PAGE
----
# Bayesian Regression¶

Regression is one of the most common and basic supervised learning tasks in machine learning. Suppose we’re given a dataset \(\mathcal{D}\) of the form

The goal of linear regression is to fit a function to the data of the form:

where \(w\) and \(b\) are learnable parameters and \(\epsilon\) represents observation noise. Specifically \(w\) is a matrix of weights and \(b\) is a bias vector.

Let’s first implement linear regression in PyTorch and learn point estimates for the parameters \(w\) and \(b\). Then we’ll see how to incorporate uncertainty into our estimates by using Pyro to implement Bayesian linear regression.

## Setup¶

As always, let’s begin by importing the modules we’ll need.

```
In [ ]:
```

```
import numpy as np
import torch
import torch.nn as nn
from torch.autograd import Variable
import pyro
from pyro.distributions import Normal
from pyro.infer import SVI
from pyro.optim import Adam
```

## Data¶

We’ll generate a toy dataset with one feature and \(w = 3\) and \(b = 1\) as follows:

```
In [ ]:
```

```
N = 100 # size of toy data
p = 1 # number of features
def build_linear_dataset(N, noise_std=0.1):
X = np.linspace(-6, 6, num=N)
y = 3 * X + 1 + np.random.normal(0, noise_std, size=N)
X, y = X.reshape((N, 1)), y.reshape((N, 1))
X, y = Variable(torch.Tensor(X)), Variable(torch.Tensor(y))
return torch.cat((X, y), 1)
```

Note that we generate the data with a fixed observation noise \(\sigma = 0.1\).

## Regression¶

Now let’s define our regression model. We’ll use PyTorch’s `nn.Module`

for this. Our input \(X\) is a matrix of size \(N \times p\) and
our output \(y\) is a vector of size \(p \times 1\). The
function `nn.Linear(p, 1)`

defines a linear transformation of the form
\(Xw + b\) where \(w\) is the weight matrix and \(b\) is the
additive bias.

```
In [ ]:
```

```
class RegressionModel(nn.Module):
def __init__(self, p):
super(RegressionModel, self).__init__()
self.linear = nn.Linear(p, 1)
def forward(self, x):
return self.linear(x)
regression_model = RegressionModel(p)
```

## Training¶

We will use the mean squared error (MSE) as our loss and Adam as our
optimizer. We would like to optimize the parameters of the
`regression_model`

neural net above. We will use a somewhat large
learning rate of `0.01`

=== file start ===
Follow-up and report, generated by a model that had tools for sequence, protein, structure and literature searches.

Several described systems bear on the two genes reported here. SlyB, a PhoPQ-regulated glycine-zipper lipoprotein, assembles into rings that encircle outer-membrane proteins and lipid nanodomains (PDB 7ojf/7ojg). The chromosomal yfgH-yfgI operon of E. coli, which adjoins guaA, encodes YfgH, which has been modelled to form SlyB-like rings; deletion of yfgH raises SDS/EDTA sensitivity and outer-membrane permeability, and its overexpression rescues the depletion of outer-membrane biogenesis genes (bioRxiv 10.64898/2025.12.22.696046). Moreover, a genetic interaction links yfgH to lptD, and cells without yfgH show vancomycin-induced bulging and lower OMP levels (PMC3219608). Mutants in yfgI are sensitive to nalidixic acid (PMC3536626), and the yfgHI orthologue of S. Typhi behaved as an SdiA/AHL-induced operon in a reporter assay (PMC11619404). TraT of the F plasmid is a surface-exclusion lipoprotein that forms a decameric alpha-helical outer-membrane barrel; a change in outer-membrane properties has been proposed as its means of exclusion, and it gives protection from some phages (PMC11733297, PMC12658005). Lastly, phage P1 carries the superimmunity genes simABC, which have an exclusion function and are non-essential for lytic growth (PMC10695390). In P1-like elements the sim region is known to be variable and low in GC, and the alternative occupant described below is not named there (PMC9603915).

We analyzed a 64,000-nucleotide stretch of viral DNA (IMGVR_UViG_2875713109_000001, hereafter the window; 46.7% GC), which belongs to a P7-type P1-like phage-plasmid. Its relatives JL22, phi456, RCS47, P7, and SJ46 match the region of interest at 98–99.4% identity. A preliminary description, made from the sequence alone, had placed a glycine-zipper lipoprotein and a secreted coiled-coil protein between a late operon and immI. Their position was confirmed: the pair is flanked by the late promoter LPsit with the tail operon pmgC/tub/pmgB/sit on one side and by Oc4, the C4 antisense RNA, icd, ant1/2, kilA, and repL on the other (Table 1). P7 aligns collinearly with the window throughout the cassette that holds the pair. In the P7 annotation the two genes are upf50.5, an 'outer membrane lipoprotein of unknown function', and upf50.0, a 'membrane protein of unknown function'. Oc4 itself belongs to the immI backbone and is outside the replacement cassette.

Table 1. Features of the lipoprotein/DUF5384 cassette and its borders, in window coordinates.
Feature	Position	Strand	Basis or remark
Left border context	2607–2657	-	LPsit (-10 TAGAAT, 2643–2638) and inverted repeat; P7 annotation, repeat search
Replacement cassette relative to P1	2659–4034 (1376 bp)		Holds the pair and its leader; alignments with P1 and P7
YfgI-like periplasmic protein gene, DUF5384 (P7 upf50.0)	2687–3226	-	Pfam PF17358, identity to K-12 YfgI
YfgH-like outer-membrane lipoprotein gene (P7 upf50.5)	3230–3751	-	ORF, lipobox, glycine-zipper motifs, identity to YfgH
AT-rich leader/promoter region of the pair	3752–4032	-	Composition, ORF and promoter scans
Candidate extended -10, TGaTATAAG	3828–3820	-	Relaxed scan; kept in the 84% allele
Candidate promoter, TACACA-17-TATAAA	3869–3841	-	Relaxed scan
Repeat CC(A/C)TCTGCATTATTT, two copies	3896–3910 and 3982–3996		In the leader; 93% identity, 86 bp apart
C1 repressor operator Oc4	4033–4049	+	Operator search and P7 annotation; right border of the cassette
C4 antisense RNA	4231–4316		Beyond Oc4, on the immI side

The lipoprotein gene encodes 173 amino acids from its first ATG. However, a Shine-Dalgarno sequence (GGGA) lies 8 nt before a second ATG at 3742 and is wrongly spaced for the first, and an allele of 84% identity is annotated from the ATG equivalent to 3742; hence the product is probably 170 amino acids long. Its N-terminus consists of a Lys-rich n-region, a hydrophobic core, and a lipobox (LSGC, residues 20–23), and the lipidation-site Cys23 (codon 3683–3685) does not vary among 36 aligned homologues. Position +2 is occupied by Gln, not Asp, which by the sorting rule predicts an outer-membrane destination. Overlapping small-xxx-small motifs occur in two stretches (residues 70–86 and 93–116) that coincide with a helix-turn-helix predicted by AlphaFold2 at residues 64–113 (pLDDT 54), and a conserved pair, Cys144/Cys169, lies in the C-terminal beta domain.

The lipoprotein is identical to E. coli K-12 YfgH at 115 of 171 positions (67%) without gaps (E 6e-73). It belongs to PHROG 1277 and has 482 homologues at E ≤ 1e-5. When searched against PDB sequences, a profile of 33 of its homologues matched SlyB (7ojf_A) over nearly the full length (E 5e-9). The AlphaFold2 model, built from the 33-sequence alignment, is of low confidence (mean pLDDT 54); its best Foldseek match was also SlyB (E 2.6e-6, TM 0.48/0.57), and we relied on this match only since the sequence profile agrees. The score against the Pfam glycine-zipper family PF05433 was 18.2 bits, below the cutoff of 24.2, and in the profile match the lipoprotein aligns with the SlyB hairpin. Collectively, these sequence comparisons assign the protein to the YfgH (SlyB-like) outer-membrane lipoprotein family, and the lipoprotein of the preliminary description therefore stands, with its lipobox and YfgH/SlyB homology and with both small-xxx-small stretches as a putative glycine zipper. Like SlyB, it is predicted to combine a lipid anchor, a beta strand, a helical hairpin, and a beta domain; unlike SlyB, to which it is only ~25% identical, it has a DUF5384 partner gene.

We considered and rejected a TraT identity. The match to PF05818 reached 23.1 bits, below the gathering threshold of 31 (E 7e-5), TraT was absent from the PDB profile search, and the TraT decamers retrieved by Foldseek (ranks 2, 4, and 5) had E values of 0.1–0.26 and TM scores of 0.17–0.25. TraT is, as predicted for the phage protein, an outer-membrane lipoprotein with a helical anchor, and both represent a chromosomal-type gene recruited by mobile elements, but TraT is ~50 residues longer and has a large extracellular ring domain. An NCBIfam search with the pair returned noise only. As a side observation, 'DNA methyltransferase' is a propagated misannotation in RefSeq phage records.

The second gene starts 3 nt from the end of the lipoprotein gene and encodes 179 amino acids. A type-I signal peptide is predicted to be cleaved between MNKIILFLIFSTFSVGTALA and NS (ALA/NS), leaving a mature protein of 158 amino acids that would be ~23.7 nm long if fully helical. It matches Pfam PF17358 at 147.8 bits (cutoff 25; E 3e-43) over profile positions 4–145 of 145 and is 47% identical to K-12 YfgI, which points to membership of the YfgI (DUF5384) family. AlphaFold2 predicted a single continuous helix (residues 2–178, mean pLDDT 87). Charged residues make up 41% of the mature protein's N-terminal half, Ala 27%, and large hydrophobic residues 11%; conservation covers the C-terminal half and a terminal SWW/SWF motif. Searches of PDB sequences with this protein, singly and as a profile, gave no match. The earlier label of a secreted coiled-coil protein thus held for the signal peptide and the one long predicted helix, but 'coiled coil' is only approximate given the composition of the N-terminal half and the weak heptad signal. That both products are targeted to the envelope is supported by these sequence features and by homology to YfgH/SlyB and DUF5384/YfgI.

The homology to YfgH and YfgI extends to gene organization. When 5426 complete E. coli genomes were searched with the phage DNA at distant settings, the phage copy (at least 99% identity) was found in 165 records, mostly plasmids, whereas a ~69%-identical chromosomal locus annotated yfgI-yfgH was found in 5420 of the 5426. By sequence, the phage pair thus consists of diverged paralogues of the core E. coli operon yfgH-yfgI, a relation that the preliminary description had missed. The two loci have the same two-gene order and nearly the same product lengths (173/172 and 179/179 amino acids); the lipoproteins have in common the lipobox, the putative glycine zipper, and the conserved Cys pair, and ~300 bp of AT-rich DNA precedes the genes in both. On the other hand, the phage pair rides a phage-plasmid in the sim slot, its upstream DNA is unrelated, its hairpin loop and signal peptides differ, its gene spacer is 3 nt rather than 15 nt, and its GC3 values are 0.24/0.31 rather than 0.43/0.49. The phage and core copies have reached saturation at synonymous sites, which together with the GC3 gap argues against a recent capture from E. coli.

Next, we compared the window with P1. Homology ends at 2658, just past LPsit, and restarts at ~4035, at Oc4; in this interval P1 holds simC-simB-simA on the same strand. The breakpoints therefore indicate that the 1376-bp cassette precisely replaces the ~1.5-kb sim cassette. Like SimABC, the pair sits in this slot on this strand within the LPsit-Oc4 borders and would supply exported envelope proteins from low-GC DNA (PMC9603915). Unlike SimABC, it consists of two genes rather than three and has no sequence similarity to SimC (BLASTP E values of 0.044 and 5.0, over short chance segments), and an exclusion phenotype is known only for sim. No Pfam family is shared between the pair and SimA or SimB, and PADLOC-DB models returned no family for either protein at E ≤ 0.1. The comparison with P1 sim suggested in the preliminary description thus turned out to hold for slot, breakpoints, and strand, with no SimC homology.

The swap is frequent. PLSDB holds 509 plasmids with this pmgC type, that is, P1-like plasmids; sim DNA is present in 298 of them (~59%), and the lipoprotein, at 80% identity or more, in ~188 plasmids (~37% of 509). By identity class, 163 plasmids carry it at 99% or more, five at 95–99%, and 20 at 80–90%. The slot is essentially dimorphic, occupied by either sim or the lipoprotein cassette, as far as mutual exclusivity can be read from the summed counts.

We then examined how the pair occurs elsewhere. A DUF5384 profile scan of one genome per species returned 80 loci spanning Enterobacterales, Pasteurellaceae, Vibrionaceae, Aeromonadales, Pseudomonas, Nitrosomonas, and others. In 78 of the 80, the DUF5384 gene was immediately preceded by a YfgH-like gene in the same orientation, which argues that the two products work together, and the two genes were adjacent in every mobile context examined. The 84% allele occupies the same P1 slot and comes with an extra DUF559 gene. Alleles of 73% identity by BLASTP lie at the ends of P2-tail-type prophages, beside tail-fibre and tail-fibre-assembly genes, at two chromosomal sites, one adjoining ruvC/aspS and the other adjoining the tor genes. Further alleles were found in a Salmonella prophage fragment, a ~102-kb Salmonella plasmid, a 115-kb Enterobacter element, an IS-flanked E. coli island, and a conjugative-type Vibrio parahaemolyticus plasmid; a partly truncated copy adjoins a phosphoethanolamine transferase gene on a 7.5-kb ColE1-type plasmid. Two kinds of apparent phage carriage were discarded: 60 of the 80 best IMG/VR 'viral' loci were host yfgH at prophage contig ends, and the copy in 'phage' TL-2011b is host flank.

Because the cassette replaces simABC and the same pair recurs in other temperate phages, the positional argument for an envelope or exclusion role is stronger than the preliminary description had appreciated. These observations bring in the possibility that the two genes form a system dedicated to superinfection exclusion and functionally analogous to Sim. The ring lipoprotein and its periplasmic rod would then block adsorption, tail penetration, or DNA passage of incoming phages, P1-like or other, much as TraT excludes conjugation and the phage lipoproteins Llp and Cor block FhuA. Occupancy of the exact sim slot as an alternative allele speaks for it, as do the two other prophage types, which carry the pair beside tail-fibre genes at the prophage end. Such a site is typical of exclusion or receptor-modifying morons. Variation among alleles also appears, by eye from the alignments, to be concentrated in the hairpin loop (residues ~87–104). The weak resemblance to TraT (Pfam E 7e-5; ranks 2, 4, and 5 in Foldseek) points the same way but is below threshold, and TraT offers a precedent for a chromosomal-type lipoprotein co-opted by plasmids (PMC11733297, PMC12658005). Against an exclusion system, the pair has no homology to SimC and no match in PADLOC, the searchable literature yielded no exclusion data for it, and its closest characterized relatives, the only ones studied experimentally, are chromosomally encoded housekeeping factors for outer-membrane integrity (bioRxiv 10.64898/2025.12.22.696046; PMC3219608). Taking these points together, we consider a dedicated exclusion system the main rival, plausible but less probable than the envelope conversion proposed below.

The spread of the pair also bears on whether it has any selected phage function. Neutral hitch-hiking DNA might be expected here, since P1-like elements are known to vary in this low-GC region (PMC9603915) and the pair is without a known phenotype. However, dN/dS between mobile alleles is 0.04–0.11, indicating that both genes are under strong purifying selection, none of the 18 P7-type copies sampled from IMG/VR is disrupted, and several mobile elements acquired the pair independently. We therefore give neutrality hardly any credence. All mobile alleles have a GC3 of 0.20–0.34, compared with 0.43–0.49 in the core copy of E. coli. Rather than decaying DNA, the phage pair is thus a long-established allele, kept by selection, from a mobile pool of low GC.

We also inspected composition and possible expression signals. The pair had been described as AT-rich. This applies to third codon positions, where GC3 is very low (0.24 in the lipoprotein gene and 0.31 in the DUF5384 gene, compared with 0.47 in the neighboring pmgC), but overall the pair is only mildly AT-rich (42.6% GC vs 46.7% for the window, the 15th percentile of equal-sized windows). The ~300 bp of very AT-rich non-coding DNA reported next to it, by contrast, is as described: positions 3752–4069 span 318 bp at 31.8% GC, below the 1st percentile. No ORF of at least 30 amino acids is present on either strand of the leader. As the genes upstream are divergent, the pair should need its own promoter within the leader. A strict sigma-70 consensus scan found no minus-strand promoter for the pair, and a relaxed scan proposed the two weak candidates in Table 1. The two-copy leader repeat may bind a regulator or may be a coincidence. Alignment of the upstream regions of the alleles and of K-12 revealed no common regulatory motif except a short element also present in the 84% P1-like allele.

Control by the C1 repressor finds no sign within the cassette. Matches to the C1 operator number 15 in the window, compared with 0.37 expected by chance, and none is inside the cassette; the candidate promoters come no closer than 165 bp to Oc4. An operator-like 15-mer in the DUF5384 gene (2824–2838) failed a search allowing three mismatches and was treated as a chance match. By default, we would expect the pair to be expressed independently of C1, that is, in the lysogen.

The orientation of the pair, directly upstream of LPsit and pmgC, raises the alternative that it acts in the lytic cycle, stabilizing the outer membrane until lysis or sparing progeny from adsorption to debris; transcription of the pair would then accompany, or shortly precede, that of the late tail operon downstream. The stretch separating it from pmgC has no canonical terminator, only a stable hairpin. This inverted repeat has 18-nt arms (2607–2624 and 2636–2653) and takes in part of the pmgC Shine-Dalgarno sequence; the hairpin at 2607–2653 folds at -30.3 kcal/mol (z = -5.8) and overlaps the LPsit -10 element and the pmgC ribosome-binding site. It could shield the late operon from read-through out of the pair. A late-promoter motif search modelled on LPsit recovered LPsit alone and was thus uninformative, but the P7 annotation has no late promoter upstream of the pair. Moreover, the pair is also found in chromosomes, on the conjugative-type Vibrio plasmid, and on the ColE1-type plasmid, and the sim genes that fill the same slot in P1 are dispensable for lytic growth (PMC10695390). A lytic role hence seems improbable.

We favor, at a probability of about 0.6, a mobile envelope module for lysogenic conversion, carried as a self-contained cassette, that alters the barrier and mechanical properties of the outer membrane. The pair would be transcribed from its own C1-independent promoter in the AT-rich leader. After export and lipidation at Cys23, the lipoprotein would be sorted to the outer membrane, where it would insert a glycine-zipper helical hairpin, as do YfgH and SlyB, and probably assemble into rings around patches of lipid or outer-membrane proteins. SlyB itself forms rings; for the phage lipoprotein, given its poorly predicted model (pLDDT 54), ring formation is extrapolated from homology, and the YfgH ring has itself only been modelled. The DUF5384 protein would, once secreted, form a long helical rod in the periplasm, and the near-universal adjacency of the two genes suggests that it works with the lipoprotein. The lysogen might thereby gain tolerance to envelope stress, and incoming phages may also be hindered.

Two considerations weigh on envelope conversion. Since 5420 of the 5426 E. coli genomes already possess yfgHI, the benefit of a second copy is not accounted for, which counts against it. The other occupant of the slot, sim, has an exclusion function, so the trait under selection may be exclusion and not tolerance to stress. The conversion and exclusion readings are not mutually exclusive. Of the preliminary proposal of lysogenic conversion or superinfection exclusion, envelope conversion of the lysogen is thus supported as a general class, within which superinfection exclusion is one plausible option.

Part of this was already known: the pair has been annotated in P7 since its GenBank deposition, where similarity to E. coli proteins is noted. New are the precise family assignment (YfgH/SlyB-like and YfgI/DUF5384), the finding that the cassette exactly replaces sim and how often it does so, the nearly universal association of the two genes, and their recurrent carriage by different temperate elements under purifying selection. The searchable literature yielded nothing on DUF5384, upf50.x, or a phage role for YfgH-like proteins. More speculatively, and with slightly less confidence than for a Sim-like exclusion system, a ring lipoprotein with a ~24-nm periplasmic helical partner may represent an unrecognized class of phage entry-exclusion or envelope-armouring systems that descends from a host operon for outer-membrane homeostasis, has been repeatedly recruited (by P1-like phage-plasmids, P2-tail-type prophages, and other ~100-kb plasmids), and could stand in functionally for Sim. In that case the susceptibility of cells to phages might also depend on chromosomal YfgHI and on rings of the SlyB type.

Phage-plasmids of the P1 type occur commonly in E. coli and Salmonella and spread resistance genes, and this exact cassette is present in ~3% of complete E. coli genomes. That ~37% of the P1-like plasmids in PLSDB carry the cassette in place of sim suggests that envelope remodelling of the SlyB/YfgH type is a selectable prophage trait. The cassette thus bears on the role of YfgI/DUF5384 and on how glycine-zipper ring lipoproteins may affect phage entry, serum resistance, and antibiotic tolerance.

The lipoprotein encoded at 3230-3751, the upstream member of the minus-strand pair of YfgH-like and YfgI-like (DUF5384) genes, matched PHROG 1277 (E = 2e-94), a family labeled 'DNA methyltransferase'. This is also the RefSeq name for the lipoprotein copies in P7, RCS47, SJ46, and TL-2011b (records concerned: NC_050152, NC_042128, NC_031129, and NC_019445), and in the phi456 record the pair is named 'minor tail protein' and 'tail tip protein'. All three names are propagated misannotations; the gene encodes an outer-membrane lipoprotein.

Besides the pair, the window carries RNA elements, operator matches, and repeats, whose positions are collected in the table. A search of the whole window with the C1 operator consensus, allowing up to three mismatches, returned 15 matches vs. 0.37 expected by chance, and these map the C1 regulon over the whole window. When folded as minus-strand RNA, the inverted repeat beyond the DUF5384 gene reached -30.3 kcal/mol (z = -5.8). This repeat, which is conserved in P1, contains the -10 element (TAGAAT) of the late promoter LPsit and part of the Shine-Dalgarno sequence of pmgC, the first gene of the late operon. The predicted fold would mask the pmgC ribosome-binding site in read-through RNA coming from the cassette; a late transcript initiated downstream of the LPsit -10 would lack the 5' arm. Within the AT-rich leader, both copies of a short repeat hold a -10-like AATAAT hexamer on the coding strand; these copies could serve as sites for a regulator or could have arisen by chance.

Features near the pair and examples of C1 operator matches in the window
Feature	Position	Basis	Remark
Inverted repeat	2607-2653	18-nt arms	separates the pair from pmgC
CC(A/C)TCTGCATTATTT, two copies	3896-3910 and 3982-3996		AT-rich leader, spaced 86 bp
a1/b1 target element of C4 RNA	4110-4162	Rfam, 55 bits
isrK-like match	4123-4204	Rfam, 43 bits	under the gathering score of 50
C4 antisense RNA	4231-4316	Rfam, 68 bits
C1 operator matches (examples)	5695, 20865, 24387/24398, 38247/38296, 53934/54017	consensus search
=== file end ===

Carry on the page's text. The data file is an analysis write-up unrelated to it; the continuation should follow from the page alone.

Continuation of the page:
and run for 500 iterations.

```
In [ ]:
```

```
loss_fn = torch.nn.MSELoss(size_average=False)
optim = torch.optim.Adam(regression_model.parameters(), lr=0.01)
num_iterations = 500
def main():
data = build_linear_dataset(N, p)
x_data = data[:, :-1]
y_data = data[:, -1]
for j in range(num_iterations):
# run the model forward on the data
y_pred = regression_model(x_data)
# calculate the mse loss
loss = loss_fn(y_pred, y_data)
# initialize gradients to zero
optim.zero_grad()
# backpropagate
loss.backward()
# take a gradient step
optim.step()
if (j + 1) % 50 == 0:
print("[iteration %04d] loss: %.4f" % (j + 1, loss.data[0]))
# Inspect learned parameters
print("Learned parameters:")
for name, param in regression_model.named_parameters():
print("%s: %.3f" % (name, param.data.numpy()))
if __name__ == '__main__':
main()
```

**Sample Output**:

```
[iteration 0050] loss: 4405.9824
[iteration 0100] loss: 2636.4561
[iteration 0150] loss: 1497.4330
[iteration 0200] loss: 811.6588
[iteration 0250] loss: 429.7031
[iteration 0300] loss: 234.2143
[iteration 0350] loss: 142.6732
[iteration 0400] loss: 103.5445
[iteration 0450] loss: 88.2896
[iteration 0500] loss: 82.8650
Learned parameters:
linear.weight: 2.996
linear.bias: 1.094
```

Not too bad - you can see that the regressor learned parameters that were pretty close to the ground truth of \(w = 3, b = 1\). But how confident should we be in these point estimates?

Bayesian modeling (see
here
for an overview) offers a systematic framework for reasoning about model